As the critical evidence on boosters continues to emerge, the most important way to avoid another winter surge of COVID-19 is to follow all public health recommendations. Most importantly, that includes getting fully vaccinated if you haven’t already, and encouraging others around you to do the same. If you’re currently eligible for a booster shot, they are available at 80,000 locations across the nation, and can help you stay healthy and well for the coming holiday season.

For others eager to do everything possible to protect themselves, their families, and their communities against this terrible virus—but who are not yet eligible for a booster—sit tight for now. The data on booster shots are still coming in for folks like me who were immunized with the Moderna or Johnson & Johnson vaccines. It’s likely that the FDA and CDC will widen their recommendations in the coming weeks.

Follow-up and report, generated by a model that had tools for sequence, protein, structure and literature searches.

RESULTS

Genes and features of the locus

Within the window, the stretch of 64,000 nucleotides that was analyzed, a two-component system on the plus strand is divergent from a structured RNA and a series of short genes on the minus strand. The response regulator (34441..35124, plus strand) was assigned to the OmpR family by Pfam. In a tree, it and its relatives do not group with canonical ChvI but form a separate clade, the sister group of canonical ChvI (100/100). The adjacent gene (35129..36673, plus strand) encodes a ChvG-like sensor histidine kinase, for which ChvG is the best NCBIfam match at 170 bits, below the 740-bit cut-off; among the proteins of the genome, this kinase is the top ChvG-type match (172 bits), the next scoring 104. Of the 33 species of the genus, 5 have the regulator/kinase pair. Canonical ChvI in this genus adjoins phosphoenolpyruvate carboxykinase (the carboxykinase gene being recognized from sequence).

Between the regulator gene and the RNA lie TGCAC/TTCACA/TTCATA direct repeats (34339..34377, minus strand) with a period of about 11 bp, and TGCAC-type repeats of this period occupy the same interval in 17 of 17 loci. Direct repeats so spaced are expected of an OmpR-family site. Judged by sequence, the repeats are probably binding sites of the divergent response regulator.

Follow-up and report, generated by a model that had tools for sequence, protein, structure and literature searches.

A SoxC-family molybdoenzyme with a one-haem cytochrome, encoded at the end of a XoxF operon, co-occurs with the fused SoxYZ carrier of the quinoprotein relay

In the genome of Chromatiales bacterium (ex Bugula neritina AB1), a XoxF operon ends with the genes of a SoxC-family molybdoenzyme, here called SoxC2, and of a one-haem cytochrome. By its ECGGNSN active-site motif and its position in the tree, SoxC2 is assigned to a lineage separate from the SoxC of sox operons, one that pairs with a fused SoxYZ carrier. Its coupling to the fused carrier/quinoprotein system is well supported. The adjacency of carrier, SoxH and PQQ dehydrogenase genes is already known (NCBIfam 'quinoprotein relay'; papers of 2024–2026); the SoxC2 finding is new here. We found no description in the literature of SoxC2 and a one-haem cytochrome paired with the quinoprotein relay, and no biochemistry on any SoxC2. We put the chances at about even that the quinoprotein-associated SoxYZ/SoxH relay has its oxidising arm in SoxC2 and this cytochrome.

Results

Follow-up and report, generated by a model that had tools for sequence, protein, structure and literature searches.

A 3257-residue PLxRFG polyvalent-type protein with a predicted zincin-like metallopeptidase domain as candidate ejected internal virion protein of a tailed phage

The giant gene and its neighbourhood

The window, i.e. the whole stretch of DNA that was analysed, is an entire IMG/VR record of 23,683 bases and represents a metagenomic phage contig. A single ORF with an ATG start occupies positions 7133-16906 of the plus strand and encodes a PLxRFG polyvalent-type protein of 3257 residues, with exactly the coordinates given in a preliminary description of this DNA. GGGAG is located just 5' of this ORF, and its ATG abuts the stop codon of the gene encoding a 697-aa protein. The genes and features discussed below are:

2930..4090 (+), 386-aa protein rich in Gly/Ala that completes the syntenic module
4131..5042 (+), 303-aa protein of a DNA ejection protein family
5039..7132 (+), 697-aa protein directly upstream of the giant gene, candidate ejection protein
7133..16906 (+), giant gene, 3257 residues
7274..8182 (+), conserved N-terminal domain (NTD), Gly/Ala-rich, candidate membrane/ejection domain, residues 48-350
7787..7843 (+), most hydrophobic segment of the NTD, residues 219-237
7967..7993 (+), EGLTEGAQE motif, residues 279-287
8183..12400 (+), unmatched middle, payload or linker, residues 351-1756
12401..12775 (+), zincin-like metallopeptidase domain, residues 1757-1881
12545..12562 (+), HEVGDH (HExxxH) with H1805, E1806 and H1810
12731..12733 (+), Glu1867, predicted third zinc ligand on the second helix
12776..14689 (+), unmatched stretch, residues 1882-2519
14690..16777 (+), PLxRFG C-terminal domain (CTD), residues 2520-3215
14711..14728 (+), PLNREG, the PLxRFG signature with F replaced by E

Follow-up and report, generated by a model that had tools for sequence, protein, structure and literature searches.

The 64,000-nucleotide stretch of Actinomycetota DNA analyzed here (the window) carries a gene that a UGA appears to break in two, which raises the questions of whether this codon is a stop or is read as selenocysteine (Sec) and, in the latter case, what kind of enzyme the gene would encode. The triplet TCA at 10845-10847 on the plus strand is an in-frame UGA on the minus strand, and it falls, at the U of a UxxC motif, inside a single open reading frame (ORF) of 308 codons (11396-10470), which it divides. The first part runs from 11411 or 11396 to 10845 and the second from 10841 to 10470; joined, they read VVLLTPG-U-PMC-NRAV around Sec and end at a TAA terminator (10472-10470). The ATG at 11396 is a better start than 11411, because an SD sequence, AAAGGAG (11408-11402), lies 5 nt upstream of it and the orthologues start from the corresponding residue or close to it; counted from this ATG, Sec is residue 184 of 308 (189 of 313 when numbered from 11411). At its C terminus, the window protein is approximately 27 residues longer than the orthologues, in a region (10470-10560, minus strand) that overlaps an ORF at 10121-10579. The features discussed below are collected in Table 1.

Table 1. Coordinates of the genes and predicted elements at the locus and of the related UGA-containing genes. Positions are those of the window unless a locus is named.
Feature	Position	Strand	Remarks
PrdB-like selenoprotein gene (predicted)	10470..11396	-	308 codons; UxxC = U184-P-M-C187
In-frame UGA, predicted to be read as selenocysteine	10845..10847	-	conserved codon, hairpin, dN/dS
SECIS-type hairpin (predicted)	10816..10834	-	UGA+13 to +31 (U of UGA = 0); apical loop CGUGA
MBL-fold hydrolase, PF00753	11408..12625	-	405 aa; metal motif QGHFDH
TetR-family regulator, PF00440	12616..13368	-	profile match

In the meantime, the Delta variant is still out there and circulating. That makes it critical to maintain vigilance. Wear a mask in indoor spaces, keep a physical distance from others, and remember to wash your hands frequently. We are all really tired of COVID-19, but patience is still required as we learn more about how best to stay ahead of this virus.

References:

[1] CDC statement on ACIP booster recommendations. Centers for Disease Control and Prevention news release. September 24, 2021

[2] FDA authorizes booster dose of Pfizer-BioNTech COVID-19 vaccine for certain populations. Food and Drug Administration news release. September 22, 2021

[3] Protection of BNT162b2 vaccine booster against Covid-19 in Israel. Bar-On YM, Goldberg Y, Mandel M, Bodenheimer O, Freedman L, Kalkstein N, Mizrahi B, Alroy-Preis S, Ash N, Milo R, Huppert A. N Engl J Med. 2021 Sep 15.

[4] Johnson & Johnson announces real-world evidence and Phase 3 data confirming strong and long-lasting protection of single-shot COVID-19 vaccine in the U.S. Johnson & Johnson. September 21, 2021.

Links:

COVID-19 Research (NIH)